Will the Real CM Please Stand Up?

    February 16, 2007
    WebProNews Staff

Of all the forms of traditional and new media marketing, blogs continue to evolve as the global exchange for sharing ideas, opinions and interpretations across all industries. So much so, that yet another old online strategy is being dolled up as a new trend, extending the original practice of participation from traditional forums into the blogosophere.

Some call it conversational marketing or community marketing, as rooted in the almighty Web 2.0 bible Cluetrain Manifesto, while others flock behind comment marketing (especially the SEO groups.) In my opinion, community and conversational marketing are much bigger umbrellas when discussing social media, whereas comment marketing is a specific tactic related to blogs, forums, and review sites.

The idea here is that people visit high traffic blogs, comment in a way that is situated somewhere in between controversial and conversational, pepper it with key words, and ensure that there are links that lead the community back to you (or your client).

But, honestly, this really isn’t anything new, however, because it can be deemed as yet another tool in the world of social media, it might quickly become all the rage. And what’s worse, is that many unqualified people will risk brands and reputation to learn first hand, what a dedicated community can do to fresh meat.

Stumpette recently ran a post entitled, "Is PR Too Stupid for Conversational Marketing?" where they basically kick the PR industry in the nuts (figuratively speaking of course, PR is androgynous), spit, and then remind them that they’re not invited to play this game.

According to the author, "The key to CM is that a client organization is supposed to relinquish control. So the question is: what does a manager manage in a system sans management? That’s where the real genius comes in. If you can’t manage it, you can’t measure it, i.e. you can’t measure me; and if you can’t measure me and are still paying me a lot of money, well trust me it must be good. If you’re the head of an agency, you’re seeing big green dollar signs right about now and feeling a little woozyyour ship has finally come in!"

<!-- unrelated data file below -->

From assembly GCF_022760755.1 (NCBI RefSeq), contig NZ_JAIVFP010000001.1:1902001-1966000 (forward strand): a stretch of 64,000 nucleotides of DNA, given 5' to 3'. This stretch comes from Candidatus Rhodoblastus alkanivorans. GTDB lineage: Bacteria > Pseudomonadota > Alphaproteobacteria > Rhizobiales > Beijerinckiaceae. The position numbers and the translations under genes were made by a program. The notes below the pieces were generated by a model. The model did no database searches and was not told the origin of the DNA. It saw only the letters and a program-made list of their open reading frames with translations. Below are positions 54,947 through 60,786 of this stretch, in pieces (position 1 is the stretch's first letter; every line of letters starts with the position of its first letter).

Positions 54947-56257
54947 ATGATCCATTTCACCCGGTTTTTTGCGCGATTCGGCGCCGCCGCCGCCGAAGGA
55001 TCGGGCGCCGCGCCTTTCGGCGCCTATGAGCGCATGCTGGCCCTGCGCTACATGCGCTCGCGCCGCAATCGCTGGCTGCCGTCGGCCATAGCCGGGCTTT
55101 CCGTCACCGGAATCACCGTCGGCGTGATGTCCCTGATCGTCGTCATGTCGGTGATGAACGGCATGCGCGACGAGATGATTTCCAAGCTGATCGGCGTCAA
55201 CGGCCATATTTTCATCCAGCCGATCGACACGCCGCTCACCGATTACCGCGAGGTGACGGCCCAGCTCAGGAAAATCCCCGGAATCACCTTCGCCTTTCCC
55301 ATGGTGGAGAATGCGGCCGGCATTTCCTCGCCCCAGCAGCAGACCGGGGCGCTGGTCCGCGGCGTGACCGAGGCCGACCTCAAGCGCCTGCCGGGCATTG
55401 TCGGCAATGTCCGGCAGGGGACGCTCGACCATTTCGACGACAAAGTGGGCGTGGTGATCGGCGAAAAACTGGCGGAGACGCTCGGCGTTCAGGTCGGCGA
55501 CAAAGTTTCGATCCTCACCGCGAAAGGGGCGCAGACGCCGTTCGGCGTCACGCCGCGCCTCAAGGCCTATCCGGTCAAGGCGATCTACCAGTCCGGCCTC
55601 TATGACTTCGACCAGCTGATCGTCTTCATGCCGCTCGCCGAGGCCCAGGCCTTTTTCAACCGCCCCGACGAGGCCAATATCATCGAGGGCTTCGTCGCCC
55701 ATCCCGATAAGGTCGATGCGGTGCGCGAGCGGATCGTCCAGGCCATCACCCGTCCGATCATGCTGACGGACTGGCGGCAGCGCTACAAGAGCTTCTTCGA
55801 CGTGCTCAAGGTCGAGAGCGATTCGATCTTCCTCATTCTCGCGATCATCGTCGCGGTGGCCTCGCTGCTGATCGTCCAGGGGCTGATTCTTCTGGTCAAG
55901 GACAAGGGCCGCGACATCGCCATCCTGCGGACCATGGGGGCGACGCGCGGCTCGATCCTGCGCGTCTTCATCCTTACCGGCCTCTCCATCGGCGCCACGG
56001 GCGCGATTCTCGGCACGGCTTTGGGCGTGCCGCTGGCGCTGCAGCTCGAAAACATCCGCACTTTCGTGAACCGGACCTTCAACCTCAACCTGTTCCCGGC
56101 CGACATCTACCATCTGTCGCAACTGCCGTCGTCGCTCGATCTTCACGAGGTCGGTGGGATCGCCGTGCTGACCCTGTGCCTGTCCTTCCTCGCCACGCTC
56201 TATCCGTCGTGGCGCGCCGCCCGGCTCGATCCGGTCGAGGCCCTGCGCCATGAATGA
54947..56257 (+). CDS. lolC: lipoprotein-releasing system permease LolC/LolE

The simple answer from my standpoint is yes. No apologies. No explanations. Yes, PR, as a whole, is too stupid to engage at this level, and more importantly, at any level that requires believable engagement. The problem though, isn’t any thing new however. The truth of the matter is that PR has done a great job shooting arrows into the air from the back lines while other pioneering marketers ran out into the battlefield to test their skill and learn from the engagement.

For far too long PR has operated behind a wall, spamming media with generic emails and press releases, without taking the time to understand why their news matters to the community they’re hitting. And now with the tools to reach the community directly at their fingertips, many will fail, while a few smart, immersed, and passionate professionals will converse transparently. But perhaps at that point, they’re no longer just another PR person, they could in theory, graduate to something much more important and influential.

But, it’s not just about PR, it’s about any company looking to jump into the conversation. Some have even hired community managers to track the related discussions to have them participate as new opportunities arise. Others start the dialogue through their own blogs. But comment marketing requires a no BS approach to prevent peers from banishing you in disgrace. It requires knowledge, understanding, the ability to listen, and most importantly, the experience to provide an unquestionable comment that is either informative, insightful, helpful, intellectually disruptive, or undoubtedly witty.

Why? Because there are risks.and the stakes are high. This is YOUR reputation. This is your company’s brand. Respect the communities you engage in and they will respect you. The cost of entry is participation and information. The cost of failure, is well, not only embarrassing, but could spark a sharp decline in sales and brand credibility.

Deb Schultz had a great post about it last year that is still a great read.

Here are some tips:

1. Read the blog

2. Read the comments

3. Let it permeate

4. Understand the pain points

5. Know what the hell you’re talking about

6. Be a resource, not a sales person

7. When in doubt, shake it up or say something witty

8. Be consistent

9. Revisit the comments sections you participate in to make sure that things progress naturally

10. Pay attention, as there might be something to learn from the entire discussion for the next time


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About the Author

Brian Solis is principal at FutureWorks PR, an award-winning PR and Social Media agency founded in 1999. FW PR bridges the communications gap between companies and their customers, and between products and their specific benefits for their target markets. Solis blogs at PR2.0, http://www.briansolis.com, and regularly contributes to many industry trades. He is also frequently quoted in articles relating to technology trends and Marketing/PR strategies.